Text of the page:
CC Notes – August 17th 2015
All were present for the August 18th, regularly scheduled monthly meeting of the Cumberland County Board of Commissioners with the exception of Rebecca Stone and Woody Geisler. The first item on the agenda under New Business was a discussion on a new insurance benefit for county employees. The Budget Committee, of which I am a member, narrowly passed a new benefit for retiring Cumberland County employees that have worked for the county for at least 30 years. The benefit is only for current employees hired on or before July 1, 2015. The new benefit would pay 100% of the retiree’s individual health insurance until the former employee reaches Medicare age. The Budget Committee vote was 5-3 with Tom Isham, David Hassler, and Jack Davis voting in favor, along with county employees Terry Carter and Roy Turner. Jeff Dyer, Sonya Rimmer and I voted against the motion. I voted against this new entitlement as I believe it is a huge financial liability for the County. The year one projected cost to the county is $60,821 – and this is with a limit capping participation to eight new retirees per year and assuming no increase in the cost of the benefit. With the way that insurance costs have historically been increasing, this could be a very large amount over the lifetime of the benefit as rates and the number of employees receiving the benefit increase. There is the potential for retired employees to receive this benefit for 14-15 years, if not more, before enrolling in Medicare. As you can see, even with capping the new enrollees at eight per year, this will add up to a significant amount of money owed by the taxpayers in just a short amount of time. There is the potential that this new liability could even affect the County’s bond rating.
I can talk to the taxpayers of the county and explain why I believe the county should pay employees a reasonable, living wage, but I cannot do the same when it comes to this new benefit. Legacy costs are a large part of what caused the massive troubles in the auto industry. The State of Tennessee just ended this benefit for all new hires for a reason. Other counties around the state have done the same, again, all for the same reason – this is a very expensive benefit. I have heard from some that the hiring of new employees at a lower salary would help offset this expense. Some even believe the county would make money. If this were true, why is this benefit being cut in both public and private sectors all over the country? The final vote on this issue is scheduled for Monday, August 24, 2015 at 6:00 PM after a Public Hearing at 5:30 PM. At this point is seems this new benefit is going to pass the full commission, committing the county to several decades of retiree insurance payments.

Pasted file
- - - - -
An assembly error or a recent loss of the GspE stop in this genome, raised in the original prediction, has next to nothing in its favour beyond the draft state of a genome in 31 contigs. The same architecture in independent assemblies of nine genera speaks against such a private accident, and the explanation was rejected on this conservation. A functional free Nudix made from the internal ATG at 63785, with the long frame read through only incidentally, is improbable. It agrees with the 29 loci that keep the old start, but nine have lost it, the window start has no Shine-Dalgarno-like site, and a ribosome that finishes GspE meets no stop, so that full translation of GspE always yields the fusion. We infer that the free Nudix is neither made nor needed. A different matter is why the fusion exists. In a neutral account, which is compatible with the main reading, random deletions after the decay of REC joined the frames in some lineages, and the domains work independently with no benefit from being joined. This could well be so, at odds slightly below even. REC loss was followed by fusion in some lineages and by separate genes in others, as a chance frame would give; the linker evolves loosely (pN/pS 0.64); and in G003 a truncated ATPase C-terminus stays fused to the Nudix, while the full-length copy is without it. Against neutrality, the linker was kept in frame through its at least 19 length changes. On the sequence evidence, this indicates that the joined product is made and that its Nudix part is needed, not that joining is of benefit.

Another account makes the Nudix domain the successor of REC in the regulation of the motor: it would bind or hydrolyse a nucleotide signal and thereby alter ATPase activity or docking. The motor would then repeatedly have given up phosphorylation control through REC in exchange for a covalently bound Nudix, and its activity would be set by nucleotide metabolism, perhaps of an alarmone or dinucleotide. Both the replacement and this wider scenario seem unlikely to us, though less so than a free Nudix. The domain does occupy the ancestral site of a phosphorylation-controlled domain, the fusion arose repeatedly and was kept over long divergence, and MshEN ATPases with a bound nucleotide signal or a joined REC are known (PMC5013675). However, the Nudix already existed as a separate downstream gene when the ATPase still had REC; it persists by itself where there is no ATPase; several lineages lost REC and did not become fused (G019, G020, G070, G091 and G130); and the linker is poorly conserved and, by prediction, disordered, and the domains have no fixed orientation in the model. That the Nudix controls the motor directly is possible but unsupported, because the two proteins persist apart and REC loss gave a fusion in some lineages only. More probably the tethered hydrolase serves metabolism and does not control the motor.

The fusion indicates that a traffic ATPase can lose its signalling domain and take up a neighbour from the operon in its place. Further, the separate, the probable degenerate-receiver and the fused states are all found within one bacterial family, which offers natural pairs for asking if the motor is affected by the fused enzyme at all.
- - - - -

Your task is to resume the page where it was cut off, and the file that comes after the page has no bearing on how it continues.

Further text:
The resolutions for the evening involved appointing Mike Harvel to the Cumberland County E-911 Emergency Communications District Board of Directors with a term that expires on August 31, 2017; reappointing Dennis Hinch and Glenn Harper to the Audit Committee with terms expiring August 15, 2017; reappointing Commissioners Nancy Hyder, David Hassler, Jack Davis, and Wendell Wilson as members of the Financial Management Committee for terms that expire August 31, 2016; reappointing Tammy Steward as a member of the Cumberland County Board of Health with a term that expires August 31, 2016; reappointing Joyce Rorabaugh as the County Archivist with a term spanning October 1, 2015 to September 30, 2016. These resolutions were passed unanimously with the exception of the Audit Committee appointments. Commissioner Lowe voted against that resolution.
There was no financial report as the new fiscal year has just started and no summary data is available. I will have more information after next month’s meeting.
Thank you for allowing me to serve the 4th District and Cumberland County. If you have any questions or comments, please contact me at any time.
Board of Commissioners
4th District Representative